Organ transplantation has significant survival and quality of life benefits compared to best medical (non-transplant) management. One of the most important factors that has allowed for prolonged allograft survival has been the advances in immunosuppressive regimens. Although de novo malignancies are known long-term complications of organ transplantation, breast cancer is not increased in the transplant population when compared against age-matched SEER general population data. Incident rates in published literature show age-specific breast cancer incidence after 50 years old in those with liver transplantation similar to that of the general population. Our sample size is small when compared to the overall incidence in the literature of de novo breast cancers in those with liver transplants. Nonetheless, after weighting, our results reflect a realistic appraisal of patients with breast cancer and liver transplantation.
The care of the liver transplant recipient requires a lifelong multidisciplinary effort by a wide range of specialists. Clinicians must not only consider all of the transplant-related complications, but also typical age-related comorbidities. Moreover, chronic immunosuppressive therapy can induce or accelerate some conditions that the non-transplant patient may not be routinely monitored for, specifically malignancy.
Centralized and specialized management of breast cancer in the liver transplant recipient is paramount. On multivariate analysis, undergoing a LT was not an independent risk factor for developing a post-operative complication (OR 1.223 p 0.480) (Table IV). This suggests that factors other than liver transplantation are associated with development of post-operative complications.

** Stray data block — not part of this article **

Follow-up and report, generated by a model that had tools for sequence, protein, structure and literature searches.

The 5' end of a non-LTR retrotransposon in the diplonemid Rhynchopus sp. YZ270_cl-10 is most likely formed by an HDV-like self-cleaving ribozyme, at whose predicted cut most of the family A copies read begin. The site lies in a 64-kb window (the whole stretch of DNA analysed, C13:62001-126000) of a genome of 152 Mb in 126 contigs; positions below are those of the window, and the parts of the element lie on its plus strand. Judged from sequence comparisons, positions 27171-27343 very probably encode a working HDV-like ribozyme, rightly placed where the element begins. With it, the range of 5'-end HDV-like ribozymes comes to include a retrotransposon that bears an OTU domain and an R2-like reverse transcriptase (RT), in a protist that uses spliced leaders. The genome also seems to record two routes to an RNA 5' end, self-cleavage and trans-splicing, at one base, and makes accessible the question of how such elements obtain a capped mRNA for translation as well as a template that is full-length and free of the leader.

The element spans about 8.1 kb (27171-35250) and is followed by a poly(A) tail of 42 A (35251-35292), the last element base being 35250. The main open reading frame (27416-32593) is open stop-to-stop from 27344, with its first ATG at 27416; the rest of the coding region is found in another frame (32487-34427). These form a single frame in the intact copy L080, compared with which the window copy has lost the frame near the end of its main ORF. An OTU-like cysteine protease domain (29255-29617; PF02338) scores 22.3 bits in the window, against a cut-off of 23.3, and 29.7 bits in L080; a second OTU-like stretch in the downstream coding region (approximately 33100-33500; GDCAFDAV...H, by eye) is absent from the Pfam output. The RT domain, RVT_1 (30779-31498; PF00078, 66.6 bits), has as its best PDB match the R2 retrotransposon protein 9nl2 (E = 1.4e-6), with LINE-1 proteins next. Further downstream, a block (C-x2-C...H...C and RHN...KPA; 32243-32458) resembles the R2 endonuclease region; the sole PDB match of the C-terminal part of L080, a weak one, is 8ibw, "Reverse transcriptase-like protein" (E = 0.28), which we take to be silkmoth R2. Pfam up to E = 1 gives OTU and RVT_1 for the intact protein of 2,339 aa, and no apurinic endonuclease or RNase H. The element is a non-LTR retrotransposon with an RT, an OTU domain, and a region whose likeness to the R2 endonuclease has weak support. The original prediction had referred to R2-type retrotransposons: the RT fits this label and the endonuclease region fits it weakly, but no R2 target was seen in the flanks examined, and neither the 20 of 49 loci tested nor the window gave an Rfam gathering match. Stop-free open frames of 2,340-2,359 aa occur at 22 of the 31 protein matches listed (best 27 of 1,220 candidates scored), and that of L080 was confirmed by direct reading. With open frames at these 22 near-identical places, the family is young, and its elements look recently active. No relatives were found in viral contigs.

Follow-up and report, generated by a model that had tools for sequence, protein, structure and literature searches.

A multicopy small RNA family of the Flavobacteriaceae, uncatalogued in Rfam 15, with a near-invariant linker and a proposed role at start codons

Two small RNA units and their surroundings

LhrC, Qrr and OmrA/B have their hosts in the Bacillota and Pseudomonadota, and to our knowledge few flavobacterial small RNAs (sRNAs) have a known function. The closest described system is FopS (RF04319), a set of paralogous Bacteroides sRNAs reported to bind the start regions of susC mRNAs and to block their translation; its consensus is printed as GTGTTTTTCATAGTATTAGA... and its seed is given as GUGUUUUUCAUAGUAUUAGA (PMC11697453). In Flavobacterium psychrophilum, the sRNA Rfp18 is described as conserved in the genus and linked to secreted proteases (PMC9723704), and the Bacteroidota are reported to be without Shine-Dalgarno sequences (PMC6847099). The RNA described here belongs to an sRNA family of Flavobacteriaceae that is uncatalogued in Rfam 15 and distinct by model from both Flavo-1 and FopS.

A significantly higher proportion of LTR had an Elixhauser comorbidity score of ≥ 3 (69.7% vs. 21.5%, p<0.001, Table I), indicating that LT patients suffered from a higher degree of co-morbidity. However, our data shows that despite the LTR having significantly more comorbidities, there were no differences in mortality, complication rate, total charge, or length of stay when these patients were managed at a transplant center (Table IV).
Breast cancer management in LTR at non-transplant centers incurred higher charges but no difference in complication rate nor LOS when compared to breast cancer management in LTR at transplant centers.
Of women who received a liver transplant, length of stay following breast cancer surgery was significantly shorter in the group which underwent breast reconstruction. (OR <1, p 0.002) (Table IV). This may be due to the fact that, in general, immediate breast reconstruction is performed by careful selection of those patients who are possibly overall healthier. We do not have knowledge of pre- and post-transplant performance status, immunosuppressive regimens, or pretransplant health that may overall lend to healthier LTR and thus ability to withstand an immediate breast reconstruction with acceptable outcomes and LOS.